I just sort of thought he would live forever.
But Randy Pausch didn't. The man who most of us never knew but knew about died Friday of pancreatic cancer.
But he won't be forgotten.
I meant to write about him here over the weekend, right after he died. But I didn't feel good last week and couldn't muster the energy. Still, that was only part of it. I also just procrastinate writing about things that really matter.
Randy Pausch, if you don't know, delivered his "Last Lecture" at Carnegie Mellon University. Millions have watched the speech on the Internet since then. He also wrote a book.
His message is so simple, yet profound: Never lose that child-like wonder. Tell the truth. Don't forget your dreams.
Yeah, of course. That's it. Don't worry so much about the things in life we can't control. Accept them. Find peace. And actually live, working with the hand we've been dealt. Why can't we all see it so simply?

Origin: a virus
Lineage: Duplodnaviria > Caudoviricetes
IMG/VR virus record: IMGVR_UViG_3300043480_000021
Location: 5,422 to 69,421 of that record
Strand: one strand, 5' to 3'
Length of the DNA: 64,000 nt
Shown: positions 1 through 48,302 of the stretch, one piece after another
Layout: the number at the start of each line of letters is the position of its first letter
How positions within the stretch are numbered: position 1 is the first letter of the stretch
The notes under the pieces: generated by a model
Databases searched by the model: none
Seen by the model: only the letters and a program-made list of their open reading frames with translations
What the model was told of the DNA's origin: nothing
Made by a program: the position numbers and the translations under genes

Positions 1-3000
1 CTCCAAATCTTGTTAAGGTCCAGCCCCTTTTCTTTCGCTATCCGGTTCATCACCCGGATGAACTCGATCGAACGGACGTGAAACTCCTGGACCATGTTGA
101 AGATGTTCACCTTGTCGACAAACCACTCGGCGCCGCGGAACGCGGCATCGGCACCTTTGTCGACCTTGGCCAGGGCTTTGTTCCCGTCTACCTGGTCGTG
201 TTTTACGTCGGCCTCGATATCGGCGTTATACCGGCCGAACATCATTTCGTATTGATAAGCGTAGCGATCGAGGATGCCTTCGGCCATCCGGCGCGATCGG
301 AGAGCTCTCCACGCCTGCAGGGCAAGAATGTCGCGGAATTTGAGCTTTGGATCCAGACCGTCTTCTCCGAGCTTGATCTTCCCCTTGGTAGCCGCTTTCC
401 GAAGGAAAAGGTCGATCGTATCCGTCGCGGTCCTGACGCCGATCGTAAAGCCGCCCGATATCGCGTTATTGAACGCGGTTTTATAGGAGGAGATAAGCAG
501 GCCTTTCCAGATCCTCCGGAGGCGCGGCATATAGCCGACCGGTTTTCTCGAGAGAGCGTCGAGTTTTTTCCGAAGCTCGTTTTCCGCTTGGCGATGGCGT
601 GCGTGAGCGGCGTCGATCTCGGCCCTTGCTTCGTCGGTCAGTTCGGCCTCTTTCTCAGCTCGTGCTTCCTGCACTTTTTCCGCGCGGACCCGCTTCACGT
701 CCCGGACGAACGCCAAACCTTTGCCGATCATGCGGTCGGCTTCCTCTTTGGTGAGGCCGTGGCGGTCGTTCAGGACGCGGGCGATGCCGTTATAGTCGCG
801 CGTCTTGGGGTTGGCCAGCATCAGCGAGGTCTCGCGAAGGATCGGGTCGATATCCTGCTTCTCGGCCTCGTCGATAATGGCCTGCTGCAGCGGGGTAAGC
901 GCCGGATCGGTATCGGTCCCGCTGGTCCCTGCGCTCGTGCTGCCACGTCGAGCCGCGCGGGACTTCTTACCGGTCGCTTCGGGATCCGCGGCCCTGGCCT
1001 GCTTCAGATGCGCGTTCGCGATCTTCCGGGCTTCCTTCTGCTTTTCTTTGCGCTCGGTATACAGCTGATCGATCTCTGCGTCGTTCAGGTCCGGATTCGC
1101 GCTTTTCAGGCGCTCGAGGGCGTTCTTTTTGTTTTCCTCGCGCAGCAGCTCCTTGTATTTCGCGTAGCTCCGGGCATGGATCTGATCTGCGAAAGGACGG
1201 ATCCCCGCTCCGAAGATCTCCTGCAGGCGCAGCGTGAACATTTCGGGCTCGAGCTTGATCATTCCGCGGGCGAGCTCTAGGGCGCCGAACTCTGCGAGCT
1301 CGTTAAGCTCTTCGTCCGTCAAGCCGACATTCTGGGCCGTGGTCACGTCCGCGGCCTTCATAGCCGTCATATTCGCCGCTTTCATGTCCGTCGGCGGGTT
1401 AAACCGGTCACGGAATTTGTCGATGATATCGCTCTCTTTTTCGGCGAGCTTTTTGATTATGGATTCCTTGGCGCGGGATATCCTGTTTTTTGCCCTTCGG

Diane Sawyer had an hour-long tribute to Pausch last night. I cried through most of it. There were many scenes with him and his wife, and he looked at her like there was no one else in the world. And then those scenes with his kids. Those were tough to watch. So were the clips of him getting to live out the one childhood dream that had alluded him - playing professional football. ABC sent him to a Pittsburgh Steelers practice and his hero, Hines Ward, threw him pass after pass. He caught every single one.
It was strange to watch, knowing he was already dead. But as Dane pointed out, we are all dying. He was just dying sooner.
I think before he died so many of us just chose to believe that he was going to live forever. Because the idea of someone so inspirational dying was just too tough to think about. Just like we refused to believe Michael Jordan could ever falter as the best basketball player of all time, we didn't want Randy Pausch -- who stared death in the face and laughed at it and was of all things just as happy as ever -- to die.
Now that he has, does it dampen his message a bit? Maybe. But I think people still can -- and will -- cling to the hopefulness that he provided. That absolutely, of course, is his legacy.